420 F2d 332 Grunebaum v. Commissioner of Internal Revenue

420 F.2d 332

Erich O. and Gabriele H. GRUNEBAUM, Appellants,
Kurt H. and Anneliese GRUNEBAUM, Appellants,
Mary Clark Rockefeller, Amicus Curiae.

Nos. 68-71.

Dockets 33171-33174.

United States Court of Appeals Second Circuit.

Argued December 4, 1969.

Decided January 5, 1970.

Michael I. Smith, Walter Freedman, Freedman, Levy, Knoll & Simonds, Washington, D. C., for appellants.

David English Carmack, Jonathan S. Cohen, Lee A. Jackson, Attys., Dept. of Justice, Johnnie M. Walters, Asst. Atty. Gen., for Commissioner.

Whitney North Seymour, James P. Murtagh, Harold R. Handler, Simpson, Thacher & Bartlett, New York City, amici curiae.

Before WATERMAN, HAYS and FEINBERG, Circuit Judges.

WATERMAN, Circuit Judge:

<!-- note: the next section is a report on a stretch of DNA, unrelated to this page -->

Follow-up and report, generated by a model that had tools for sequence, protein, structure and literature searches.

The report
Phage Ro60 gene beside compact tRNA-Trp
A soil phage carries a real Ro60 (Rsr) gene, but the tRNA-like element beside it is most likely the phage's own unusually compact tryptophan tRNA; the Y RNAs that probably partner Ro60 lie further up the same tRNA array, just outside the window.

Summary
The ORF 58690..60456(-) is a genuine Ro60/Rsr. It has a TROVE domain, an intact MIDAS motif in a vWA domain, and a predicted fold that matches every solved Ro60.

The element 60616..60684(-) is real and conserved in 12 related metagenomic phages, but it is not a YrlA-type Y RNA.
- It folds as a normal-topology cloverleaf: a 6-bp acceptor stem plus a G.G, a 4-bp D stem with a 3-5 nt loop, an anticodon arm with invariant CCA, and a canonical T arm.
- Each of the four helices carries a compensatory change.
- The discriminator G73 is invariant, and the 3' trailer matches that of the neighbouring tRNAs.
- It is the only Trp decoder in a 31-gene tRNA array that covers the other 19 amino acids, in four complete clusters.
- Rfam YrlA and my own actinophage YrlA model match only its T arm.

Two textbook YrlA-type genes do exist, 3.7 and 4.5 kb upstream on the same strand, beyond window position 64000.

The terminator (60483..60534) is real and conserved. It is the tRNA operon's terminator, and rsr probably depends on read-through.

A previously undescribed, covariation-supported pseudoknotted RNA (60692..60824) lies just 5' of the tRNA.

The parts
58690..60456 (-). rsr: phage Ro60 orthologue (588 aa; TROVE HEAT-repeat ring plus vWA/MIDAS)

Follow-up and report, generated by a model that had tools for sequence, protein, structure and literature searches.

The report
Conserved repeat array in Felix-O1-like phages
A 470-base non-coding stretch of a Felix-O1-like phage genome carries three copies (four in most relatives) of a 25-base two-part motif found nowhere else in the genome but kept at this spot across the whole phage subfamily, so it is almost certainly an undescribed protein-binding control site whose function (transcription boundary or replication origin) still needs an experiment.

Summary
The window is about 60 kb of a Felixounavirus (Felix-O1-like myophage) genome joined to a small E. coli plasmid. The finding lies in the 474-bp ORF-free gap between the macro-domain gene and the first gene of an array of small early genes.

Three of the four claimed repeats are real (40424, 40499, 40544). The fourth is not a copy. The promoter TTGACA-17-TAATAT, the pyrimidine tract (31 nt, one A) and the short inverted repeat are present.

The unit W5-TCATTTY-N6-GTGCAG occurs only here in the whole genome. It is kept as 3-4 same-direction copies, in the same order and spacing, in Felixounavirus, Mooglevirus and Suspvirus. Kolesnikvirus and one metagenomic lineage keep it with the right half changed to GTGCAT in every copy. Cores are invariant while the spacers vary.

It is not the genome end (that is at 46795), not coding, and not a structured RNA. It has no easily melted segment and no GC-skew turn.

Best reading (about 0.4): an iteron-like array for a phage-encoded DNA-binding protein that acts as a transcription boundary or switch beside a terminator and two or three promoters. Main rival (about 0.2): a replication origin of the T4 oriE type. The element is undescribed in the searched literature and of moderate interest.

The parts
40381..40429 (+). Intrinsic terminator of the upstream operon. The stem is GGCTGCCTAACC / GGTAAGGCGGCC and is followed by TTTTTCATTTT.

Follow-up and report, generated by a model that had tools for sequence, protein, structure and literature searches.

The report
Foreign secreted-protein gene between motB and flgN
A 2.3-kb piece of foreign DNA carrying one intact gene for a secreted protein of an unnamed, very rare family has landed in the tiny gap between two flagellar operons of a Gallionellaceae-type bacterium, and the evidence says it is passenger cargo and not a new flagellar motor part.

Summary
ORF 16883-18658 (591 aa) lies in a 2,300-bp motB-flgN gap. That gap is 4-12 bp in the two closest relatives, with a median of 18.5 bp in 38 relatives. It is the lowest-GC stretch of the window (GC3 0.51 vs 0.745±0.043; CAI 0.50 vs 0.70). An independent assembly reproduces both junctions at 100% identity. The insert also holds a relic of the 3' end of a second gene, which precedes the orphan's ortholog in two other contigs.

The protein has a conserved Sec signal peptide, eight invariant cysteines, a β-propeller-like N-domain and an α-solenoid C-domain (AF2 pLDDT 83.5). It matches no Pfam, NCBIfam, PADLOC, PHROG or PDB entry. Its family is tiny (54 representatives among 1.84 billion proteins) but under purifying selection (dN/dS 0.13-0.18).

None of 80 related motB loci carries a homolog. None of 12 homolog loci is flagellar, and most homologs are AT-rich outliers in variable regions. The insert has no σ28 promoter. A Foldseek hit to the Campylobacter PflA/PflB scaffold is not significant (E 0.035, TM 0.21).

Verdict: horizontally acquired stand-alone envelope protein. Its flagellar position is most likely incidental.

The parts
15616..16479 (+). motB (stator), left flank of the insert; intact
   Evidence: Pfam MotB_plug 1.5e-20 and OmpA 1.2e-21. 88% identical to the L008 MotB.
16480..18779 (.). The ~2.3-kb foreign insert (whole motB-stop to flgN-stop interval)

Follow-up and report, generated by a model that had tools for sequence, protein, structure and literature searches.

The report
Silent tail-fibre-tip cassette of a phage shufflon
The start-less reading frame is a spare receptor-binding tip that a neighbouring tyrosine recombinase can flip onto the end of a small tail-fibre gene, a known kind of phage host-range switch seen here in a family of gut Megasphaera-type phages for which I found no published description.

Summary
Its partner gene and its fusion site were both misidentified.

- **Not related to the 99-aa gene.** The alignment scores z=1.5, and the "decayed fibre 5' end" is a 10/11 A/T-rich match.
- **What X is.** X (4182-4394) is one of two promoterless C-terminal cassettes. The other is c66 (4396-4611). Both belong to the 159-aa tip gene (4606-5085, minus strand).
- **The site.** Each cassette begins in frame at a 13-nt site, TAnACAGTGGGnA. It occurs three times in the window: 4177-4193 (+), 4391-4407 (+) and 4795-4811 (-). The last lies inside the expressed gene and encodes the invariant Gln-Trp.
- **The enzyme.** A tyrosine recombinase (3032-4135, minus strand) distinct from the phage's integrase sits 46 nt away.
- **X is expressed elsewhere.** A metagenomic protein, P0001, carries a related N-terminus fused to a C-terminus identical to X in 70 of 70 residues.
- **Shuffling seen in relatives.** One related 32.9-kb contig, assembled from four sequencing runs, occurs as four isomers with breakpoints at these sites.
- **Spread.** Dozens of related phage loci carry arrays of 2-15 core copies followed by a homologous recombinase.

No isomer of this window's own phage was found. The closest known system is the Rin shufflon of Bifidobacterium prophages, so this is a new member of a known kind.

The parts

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The taxpayers in this case, two brothers and their wives, asserting that the Commissioner of Internal Revenue in determining deficiencies in their respective income taxes for the year 1961 wrongfully denied them a portion of the foreign tax credit provided for in Section 901 of the Internal Revenue Code of 1954, petition for a review of the opinion and decisions of the Tax Court sustaining the Commissioner. The facts pertinent to resolution of the issue were stipulated and are fully incorporated into the Tax Court findings of fact and opinion, reported at 50 T.C. 710 (1968), Raum, J. Inasmuch as disposition of the case presented to us turns upon the construction to be given the relevant language of the Code and not upon the facts, we do not dwell upon them here, but reference may be had to the findings reported below. It suffices to state that in 1961 all four of the taxpayers were citizens and residents of the United States, that they had sizable income from salary and investments in this country, and that they also had substantial income from West Germany and had paid West German taxes on the West German income. Section 901 of the Code permits taxpayers to credit foreign taxes so paid upon foreign income directly against the United States tax they would otherwise owe on their entire income, subject, however, to various applicable limitations set forth in Section 904, including the overall maximum limitation, the proper computation of which is at issue on this appeal.